The tree I came to see – the supertall tree – is the one on the right. In February 2009, a team of arborists from Sparsholt College in Hampshire were tasked with making official measurements for the Tree Register, who pointed them at four candidates for Britain’s tallest tree. The tallest was the Stronardron Douglas fir near Dunans Castle, Argyll, which measured 63.79 m (209 ft). Second place went to the grand fir in Diana’s Grove at Blair Castle, Blair Atholl (62.70 m) – which I visited at the end of my trip – while third place went to the Dughall Mor Douglas fir at Inverness (62.02 m). The fourth tallest tree was the supertall Douglas fir in my photograph, which was found to be 61.31 m tall. It is now the third tallest tree since the Blair Castle tree came a cropper in 2010 (which I’ll cover in the next post!), assuming no other reshuffling of the champs, which are raising the bar all the time.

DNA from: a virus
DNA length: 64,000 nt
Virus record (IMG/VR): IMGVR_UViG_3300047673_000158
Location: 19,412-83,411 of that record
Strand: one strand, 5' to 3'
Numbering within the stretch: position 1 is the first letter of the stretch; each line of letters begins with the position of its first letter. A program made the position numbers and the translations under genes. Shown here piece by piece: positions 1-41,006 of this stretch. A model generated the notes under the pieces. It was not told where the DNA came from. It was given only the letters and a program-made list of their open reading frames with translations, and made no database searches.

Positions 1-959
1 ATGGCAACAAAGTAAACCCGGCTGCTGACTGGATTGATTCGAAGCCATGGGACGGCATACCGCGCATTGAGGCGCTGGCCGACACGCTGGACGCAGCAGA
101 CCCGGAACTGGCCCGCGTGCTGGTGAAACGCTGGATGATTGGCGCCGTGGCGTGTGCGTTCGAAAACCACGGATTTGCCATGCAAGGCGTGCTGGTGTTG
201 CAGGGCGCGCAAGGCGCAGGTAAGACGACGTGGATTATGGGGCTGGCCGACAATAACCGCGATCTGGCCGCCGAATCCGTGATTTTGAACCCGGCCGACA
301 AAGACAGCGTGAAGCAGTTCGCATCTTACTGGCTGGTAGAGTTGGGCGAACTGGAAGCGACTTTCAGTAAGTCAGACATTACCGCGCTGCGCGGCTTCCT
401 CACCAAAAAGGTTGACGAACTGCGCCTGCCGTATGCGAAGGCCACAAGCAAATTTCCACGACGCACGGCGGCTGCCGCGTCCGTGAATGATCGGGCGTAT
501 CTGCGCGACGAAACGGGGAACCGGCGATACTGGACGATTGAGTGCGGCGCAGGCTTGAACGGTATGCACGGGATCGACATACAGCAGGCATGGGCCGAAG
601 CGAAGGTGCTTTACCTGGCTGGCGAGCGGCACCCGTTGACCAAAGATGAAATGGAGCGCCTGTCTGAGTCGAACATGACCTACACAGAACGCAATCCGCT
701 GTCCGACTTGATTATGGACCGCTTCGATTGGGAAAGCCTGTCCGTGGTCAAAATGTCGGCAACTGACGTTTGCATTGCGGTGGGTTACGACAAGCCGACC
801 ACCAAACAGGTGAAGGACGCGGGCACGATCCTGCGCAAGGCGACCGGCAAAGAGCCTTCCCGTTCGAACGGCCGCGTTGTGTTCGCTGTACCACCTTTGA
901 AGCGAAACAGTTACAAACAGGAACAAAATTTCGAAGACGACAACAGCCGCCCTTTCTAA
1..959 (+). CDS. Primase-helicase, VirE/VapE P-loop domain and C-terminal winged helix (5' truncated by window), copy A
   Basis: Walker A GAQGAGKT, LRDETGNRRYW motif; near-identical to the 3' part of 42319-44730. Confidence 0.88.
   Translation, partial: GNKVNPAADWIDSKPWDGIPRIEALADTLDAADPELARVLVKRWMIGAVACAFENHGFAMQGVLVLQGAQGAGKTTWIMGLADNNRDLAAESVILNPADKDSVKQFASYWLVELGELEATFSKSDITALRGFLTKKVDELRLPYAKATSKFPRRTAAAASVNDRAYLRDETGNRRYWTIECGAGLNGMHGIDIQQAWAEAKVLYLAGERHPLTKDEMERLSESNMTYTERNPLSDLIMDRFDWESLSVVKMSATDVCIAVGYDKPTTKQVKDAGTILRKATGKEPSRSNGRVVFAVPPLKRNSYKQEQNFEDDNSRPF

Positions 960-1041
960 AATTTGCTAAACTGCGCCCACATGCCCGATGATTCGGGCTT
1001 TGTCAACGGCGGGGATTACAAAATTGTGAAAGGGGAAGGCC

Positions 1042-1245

The tallest Douglas firs in the world are found in their native range in North America. They are about the 100-metre mark! The only other species of tree with individuals taller than 100 m is Sequoia sempervirens - the California or coast redwood. The world’s tallest known living organism is a coast redwood called Hyperion – it was discovered in 2006 and has been measured at a whopping 115.6 m (379.3)!

The Black Linn Falls – seen under the bridge in the first photo - were fair roaring. I remember my mate telling me he’d seen salmon leaping up the falls before. I was well jel!

After crossing the bridge and checking out Ossian’s Hall and Ossian’s Cave we walked upstream...